What can you learn about yourself from your stories? Well, are you a conscious writer? Do you figure out in advance what your theme, perhaps your moral, will be and then work your story around it? Even if you do, what creeps in and infuses the ideas without your knowledge?

Do you write about a character who wants something that is hard to get and shape your story out of your character’s approach to obstacles? What kind of main character appeals to you? What kind of obstacles?

Are you pulled into a story idea, first and foremost, as I am? How do you play with the idea? What kind of characters do you build to fill the roles your story calls for?

I’m convinced that no matter how we writers approach writing stories, our deepest feelings get into the act. We can’t avoid lowering a net, often without meaning to, deep into the quiet lake of our – whatever – mind, spirit, subconscious, soul, emotions. Strange fish swim into our stories, stir the plot with their swishing tails, light the water scape with their incandescent scales, and let us enter behind their strange eyes, where we see colors not visible to merely human vision.

I don’t know what I’ve really been writing about until after I’ve finished a book, which serves the book well. If I understand what’s going on, I’m likely to shape events to follow the underlying thread, and then predictability results. Usually my books are about problems I haven’t been able to resolve (like obedience). Writing the book doesn’t fix anything. I’m still too obedient, but now I’m more aware.

Of course, the meaning I discover eventually is often entirely different from the meaning my readers come up with.

This isn’t a writing prompt; it’s a return-to-the-scene-of the-crime prompt. Reread a few of your stories, or just think them over. Consider what meaning they have for you, what you may be telling yourself. Ask friends to say what they derive from your stories. An unacceptable answer is that you write well or don’t write well. You want to know how the story added to their understanding of you and of themselves. This is hard, so don’t push if they come up with nothing, and don’t conclude that your stories have no depth, just keep the question in your mind. Ask other people. If your curiosity grows, make a pest of yourself. When you write your next story, after it’s finished and you’ve been away from it for a month or so, go back to it and ask yourself the same question. Have fun!

Getting funny

My happiest writing moments are when I’m writing something funny. I’m happy reading, too, when what I’m reading is funny, although maybe not happiest. I adore a good book in all its aspects.

Writing funny means keeping an eye out for opportunities. We writers make our characters miserable, and one of misery’s faces is humor. After our mother died, my sister and I flew to Florida to sell Mom’s condominium. We rented a car, and I backed into a police car. That was pretty funny.

So was the time I smashed up a coworker’s brand-new car in the office parking lot on my first day on the job. (And confessed, naturally.)

One of my earliest dates, when I was about fifteen, was with a boy who stood about six foot three. I’ve never made it to five feet. We went to a museum, and afterward, on Fifth Avenue in New York City, he held my hand, which I had to reach up to grasp. For blocks, people pointed and laughed. I didn’t laugh along, but we were funny.

When I was even younger I loved the verse about Ooey Gooey. I used to repeat it to myself over and over with a mixture of horror and delight. For those of you who missed the sad saga, it’s this:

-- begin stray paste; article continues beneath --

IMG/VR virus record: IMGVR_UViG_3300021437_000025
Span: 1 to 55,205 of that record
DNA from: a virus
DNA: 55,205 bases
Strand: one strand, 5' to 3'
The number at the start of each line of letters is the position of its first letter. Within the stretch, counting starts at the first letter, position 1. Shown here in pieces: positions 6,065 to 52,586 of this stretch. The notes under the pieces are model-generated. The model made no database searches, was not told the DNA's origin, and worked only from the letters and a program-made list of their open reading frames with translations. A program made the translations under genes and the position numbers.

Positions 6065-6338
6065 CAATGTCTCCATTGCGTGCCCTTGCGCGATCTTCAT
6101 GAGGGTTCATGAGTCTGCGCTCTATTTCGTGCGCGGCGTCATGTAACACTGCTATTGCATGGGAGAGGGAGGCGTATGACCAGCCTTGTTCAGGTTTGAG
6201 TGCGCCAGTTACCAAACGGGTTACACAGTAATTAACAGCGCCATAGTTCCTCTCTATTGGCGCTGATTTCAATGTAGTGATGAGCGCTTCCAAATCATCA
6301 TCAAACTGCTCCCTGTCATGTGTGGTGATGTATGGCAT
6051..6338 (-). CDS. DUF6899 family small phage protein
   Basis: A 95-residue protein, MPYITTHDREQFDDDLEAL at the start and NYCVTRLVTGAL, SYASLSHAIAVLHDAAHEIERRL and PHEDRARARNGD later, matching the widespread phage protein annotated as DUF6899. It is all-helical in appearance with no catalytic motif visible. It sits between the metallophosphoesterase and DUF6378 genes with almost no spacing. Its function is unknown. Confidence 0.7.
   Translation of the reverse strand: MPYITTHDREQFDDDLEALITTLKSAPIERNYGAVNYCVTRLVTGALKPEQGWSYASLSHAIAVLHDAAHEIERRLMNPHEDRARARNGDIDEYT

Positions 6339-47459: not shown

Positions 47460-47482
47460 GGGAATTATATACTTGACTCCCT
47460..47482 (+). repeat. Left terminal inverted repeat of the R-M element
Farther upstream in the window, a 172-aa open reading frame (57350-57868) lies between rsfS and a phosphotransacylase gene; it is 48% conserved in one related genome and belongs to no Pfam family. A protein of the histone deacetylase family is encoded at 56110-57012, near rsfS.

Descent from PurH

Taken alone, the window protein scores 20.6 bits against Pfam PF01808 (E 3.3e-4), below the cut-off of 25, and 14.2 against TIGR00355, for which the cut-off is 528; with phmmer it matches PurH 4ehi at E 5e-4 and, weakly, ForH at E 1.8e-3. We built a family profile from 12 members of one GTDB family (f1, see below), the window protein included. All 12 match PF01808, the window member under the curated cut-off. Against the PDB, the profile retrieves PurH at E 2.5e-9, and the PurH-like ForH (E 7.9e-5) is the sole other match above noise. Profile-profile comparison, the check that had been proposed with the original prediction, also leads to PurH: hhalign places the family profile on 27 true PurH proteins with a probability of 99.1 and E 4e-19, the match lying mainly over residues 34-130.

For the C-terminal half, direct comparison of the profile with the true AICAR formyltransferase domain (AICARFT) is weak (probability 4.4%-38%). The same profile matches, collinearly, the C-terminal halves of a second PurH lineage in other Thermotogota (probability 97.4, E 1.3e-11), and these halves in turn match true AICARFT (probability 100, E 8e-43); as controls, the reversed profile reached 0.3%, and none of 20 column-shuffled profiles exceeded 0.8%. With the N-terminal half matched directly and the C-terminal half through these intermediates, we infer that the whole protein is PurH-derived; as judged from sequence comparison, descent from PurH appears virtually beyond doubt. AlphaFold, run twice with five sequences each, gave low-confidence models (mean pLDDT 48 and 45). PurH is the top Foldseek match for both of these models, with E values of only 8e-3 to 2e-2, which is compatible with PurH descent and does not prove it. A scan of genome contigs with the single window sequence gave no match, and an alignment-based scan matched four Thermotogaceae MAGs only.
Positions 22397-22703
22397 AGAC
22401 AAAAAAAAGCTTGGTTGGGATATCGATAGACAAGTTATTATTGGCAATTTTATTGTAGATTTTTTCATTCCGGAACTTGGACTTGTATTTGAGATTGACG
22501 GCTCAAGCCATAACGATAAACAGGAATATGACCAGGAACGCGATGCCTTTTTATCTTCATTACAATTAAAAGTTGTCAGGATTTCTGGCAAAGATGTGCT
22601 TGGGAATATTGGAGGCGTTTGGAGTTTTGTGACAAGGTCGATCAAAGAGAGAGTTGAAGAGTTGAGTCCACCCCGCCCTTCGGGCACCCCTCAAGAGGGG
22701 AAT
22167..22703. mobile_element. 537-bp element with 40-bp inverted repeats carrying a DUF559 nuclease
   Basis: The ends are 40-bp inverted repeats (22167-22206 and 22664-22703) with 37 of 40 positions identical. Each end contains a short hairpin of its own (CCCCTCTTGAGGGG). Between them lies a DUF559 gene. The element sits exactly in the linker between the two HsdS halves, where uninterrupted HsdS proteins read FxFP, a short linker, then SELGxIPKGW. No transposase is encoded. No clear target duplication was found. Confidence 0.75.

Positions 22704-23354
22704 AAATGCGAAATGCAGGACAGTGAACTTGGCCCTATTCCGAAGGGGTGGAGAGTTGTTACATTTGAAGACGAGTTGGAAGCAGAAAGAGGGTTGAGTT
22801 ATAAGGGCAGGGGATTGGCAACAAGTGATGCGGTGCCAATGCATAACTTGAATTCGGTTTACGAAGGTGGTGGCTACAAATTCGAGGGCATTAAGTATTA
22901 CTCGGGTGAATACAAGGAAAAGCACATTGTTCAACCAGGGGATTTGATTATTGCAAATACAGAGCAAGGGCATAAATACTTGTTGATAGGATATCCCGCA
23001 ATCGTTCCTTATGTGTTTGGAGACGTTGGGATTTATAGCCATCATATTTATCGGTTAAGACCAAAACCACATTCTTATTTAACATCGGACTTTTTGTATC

Ooey Gooey was a worm,
a mighty worm was he.
Crawled out on the railroad track,
the train he did not see.
Ooey gooey!

Death at its silliest.

Mark Twain said, Humor is tragedy plus time. I agree, although I wouldn’t agree that all humor is tragedy based. Some humor is clever and some is goofy without a hint of darkness, and there may be more ways to be both comical and sunny that I can’t think of right now. But to stay on the tragic side, I’d suggest two additional equations. One is, Humor is tragedy plus willingness. In an awful situation, if we’re open to laughter, it will leap out – and provide lovely relief. My friend Joan, who had a brain injury, sometimes thinks it’s funny that she can’t remember what she ate for breakfast. She’s not horrified, she’s amused.

The second equation, a geometrical one, is, Humor is tragedy turned on its side. Take “Hansel and Gretel,” one of the least funny fairytales out there, although there’s a lot of competition. For anyone who doesn’t know the tale, Hansel and Gretel’s parents want to leave their children in the woods and let them starve to death. There’s nothing lighthearted about that.

Or is there?

Suppose Mrs. Hansel-and-Gretel says to Mr. H&G, “If we move the children out of their room in the cellar and into the forest, we’ll have more space for our colony of giant slugs.” And Mr. H&G says, “Superb idea, dear, and I can conduct my colorful mold experiments down there, too.”

The pain of being unwanted flips over. Being left behind by Mr. and Mrs. H&G is probably a step up in the world.

It can get funnier if Hansel and Gretel know what their parents are up to. Suppose the first day they case the gingerbread house without nibbling. Suppose they follow the stones home only because Hansel left his stuffed rat behind.

Then, of course, the bumbling witch will be lots of fun. And the ending even more so, with Hansel and Gretel deciding to stay in the gingerbread house. Gretel says, “We won’t make the same mistakes as the witch.” Hansel replies, “How many children do you think we’ll catch today?”

Gross, maybe, but I think it’s funny, and of course humor is personal – in case you’ve soaked seven hankies reading this.